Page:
Editorial Roundup: South Dakota

Black Hills Pioneer. June 17, 2022.

Editorial: Storm damage can’t dampen neighborly spirit

Northern Hills residents watched Sunday’s storm moving east toward the Belle Fourche area before it unleashed its devastation.

Butte County residents watched it come straight for them. And as tornado and severe thunderstorm warnings sounded, many took refuge in their basements, or in the basements of friends and neighbors.

Baseball-sized hail and buckets of rain fell on the area. As residents left the shelter of their homes, most found at least some damage. Many saw the aftermath of what they heard – windows shattered by hail, trees and branches snapped or uprooted, and rain-sodden homes.

Cleanup, salvage, and boarding up of windows began. It wasn’t just homeowners doing the cleanup. Neighbors fortunate enough to escape severe damage helped those less fortunate. Families and friends from nearby communities drove into the storm-damaged area to lend a hand.

Have a tree down in your yard? It probably was bucked up in short order by someone with a chainsaw.

Don’t have a ladder to reach windows to board up? Likely one was set up at your home soon after and many times, it was the ladder owner up on the rungs hanging plywood or plastic sheeting.

And speaking of plywood, election signs made for the June 7 primary election were recycled when they were donated to the Belle Fourche Police Department to serve as window covering. Police helped elderly residents in need of hanging the plywood. Pioneer staffers saw signs for Tom Brunner placed over broken windows, and even “Rest easy with Hammock” signs from Dayle Hammock’s 2020 re-election bid for District 31 House of Representatives. Perhaps the residents with those signs over their windows can indeed rest a little better knowing their broken windows are covered.

One thing is for certain; we can all rest a little easier knowing we live in a region where your neighbor is just that, and not just someone you live next to.

Your neighbor is someone who can help you out when called upon, and quite often, they don’t even need to be called. They are there with tools in hand and supplies in tow.

That doesn’t apply to just this spring thunderstorm. Consistently, neighbors help neighbors throughout the year, shoveling or plowing snow, charging that dead car battery, watching our kids while we run an errand, or letting us borrow that cup of sugar.

Time and time again we hear of ranchers who, at their own cost, take their haying equipment to a neighbor’s field to cut and bale hay when the landowner is unable to.

They help each other out at brandings and so many other ranch activities.

It isn’t just rainbows that appear following a storm. It is also that neighborly spirit. And we are truly thankful for that.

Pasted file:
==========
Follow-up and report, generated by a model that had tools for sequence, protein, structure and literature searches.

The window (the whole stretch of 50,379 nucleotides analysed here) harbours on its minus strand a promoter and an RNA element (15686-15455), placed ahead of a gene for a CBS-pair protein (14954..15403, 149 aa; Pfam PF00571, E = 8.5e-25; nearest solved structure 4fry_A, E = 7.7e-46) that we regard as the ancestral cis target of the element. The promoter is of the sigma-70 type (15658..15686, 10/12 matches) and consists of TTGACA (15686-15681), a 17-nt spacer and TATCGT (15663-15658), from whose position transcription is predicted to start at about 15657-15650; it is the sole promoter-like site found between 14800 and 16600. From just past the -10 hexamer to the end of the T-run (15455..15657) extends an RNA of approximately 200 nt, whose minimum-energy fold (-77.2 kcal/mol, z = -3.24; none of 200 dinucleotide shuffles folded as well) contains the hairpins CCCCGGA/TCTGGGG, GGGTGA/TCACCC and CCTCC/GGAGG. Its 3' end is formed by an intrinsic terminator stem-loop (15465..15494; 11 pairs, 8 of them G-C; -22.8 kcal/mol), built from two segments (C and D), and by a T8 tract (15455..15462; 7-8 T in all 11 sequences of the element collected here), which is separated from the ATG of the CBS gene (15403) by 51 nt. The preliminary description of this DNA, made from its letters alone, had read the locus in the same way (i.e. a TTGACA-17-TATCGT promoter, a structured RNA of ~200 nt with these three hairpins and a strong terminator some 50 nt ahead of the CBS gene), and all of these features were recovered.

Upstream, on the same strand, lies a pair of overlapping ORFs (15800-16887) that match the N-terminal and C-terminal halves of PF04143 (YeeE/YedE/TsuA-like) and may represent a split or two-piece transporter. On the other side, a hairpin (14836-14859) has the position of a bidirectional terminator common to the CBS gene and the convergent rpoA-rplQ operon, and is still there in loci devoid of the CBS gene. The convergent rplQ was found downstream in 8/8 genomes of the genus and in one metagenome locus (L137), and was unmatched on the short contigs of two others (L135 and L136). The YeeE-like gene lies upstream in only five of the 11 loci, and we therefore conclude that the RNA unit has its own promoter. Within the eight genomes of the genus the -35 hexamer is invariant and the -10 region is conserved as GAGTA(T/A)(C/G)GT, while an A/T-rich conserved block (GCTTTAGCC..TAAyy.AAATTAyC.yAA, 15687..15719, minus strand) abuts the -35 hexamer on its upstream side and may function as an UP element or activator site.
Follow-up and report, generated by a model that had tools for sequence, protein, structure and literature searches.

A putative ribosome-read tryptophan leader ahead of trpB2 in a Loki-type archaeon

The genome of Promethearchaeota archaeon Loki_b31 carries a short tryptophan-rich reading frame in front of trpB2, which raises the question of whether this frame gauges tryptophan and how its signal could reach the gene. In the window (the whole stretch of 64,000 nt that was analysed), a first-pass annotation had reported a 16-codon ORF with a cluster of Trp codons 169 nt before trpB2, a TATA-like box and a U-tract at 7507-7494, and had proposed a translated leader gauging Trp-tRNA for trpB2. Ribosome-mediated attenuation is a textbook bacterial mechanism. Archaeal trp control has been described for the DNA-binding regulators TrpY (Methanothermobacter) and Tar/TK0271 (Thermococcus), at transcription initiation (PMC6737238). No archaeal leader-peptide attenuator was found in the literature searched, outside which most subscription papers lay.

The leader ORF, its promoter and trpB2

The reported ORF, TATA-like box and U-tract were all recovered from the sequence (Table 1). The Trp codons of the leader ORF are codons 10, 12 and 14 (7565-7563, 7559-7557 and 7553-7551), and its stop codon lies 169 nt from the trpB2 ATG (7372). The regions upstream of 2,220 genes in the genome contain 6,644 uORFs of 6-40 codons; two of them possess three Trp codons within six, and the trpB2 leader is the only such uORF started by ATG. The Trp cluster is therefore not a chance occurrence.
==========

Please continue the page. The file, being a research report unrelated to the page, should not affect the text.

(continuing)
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Yankton Press & Dakotan. June 20, 2022.

Editorial: It’s Time To Lift Food Tax In South Dakota

Current projections indicate South Dakota will see a nice surplus for fiscal year 2022 when those books close June 30.

And with that, it may be time for this state to finally embrace an idea that has been proposed for nearly 30 years and has recently been picking up steam: lifting the state’s regressive tax on food.

According to a report last week, the state’s revenues as of May were up $171.3 million so far for the fiscal year that began last July 1, representing a 9.6% increase from 2021. South Dakota Finance Commissioner Jim Terwilliger said the biggest gains have been the sales and use tax (+12%) and the state lottery (+9.4%), according to KELO.

If that rate holds up through June, it will mark the 11th straight fiscal year that state revenue has exceeded projections. Last year, the state was able to tuck $86 million into its reserve, WNAX reported.

Which brings us to the food tax, the repeal of which picked up momentum last session when, in the state House, several Republicans joined Democrats in voting to lift the state’s 4.5% tax on food purchases. The vote was 47-22, indicating broad support for an idea that has been swatted down by legislators since the 1990s and rejected by voters in 2004. However, the state Senate nixed the measure 22-9, then didn’t appoint a conference committee to deal with the proposal, thus killing it.

During last year’s House debates, it was estimated that the repeal would cost the state — or, if you will, save South Dakota consumers — about $82 million.

“The money is there. We can do this,” argued Rep. Jon Hansen, R-Dell Rapids. “It is prudent. It is responsible.”

But to no avail.

South Dakota is one of just 13 states that taxes food items. It’s considered regressive because it particularly hits lower-income households harder.

With South Dakota’s economy humming along — albeit with the help of COVID relief funds — it would seem time to finally lift this tax and give consumers a break.

It’s one that is particularly needed now, with inflation raising prices around the world and the Russian invasion of Ukraine further destabilizing the world’s food supply.

As Rep. Scott Odenbach, R-Spearfish, put it last winter. “If not now, when? If not us, who?”

Granted, there are uncertainties regarding the future — there always are — but lifting the food tax can reduce some of the burden on taxpayers, who will likely in turn spend that money on other items or services and add more to the state sales revenue. (This is particularly true among lower-income households, which generally have little choice but to spend that money, thus providing their own form of economic stimulus.)

South Dakota’s solid financial picture — which our leaders love to brag about — doesn’t mean a whole lot if lawmakers are unable or unwilling to put those benefits to good use for the people. This would be an ideal place to start, would it not?

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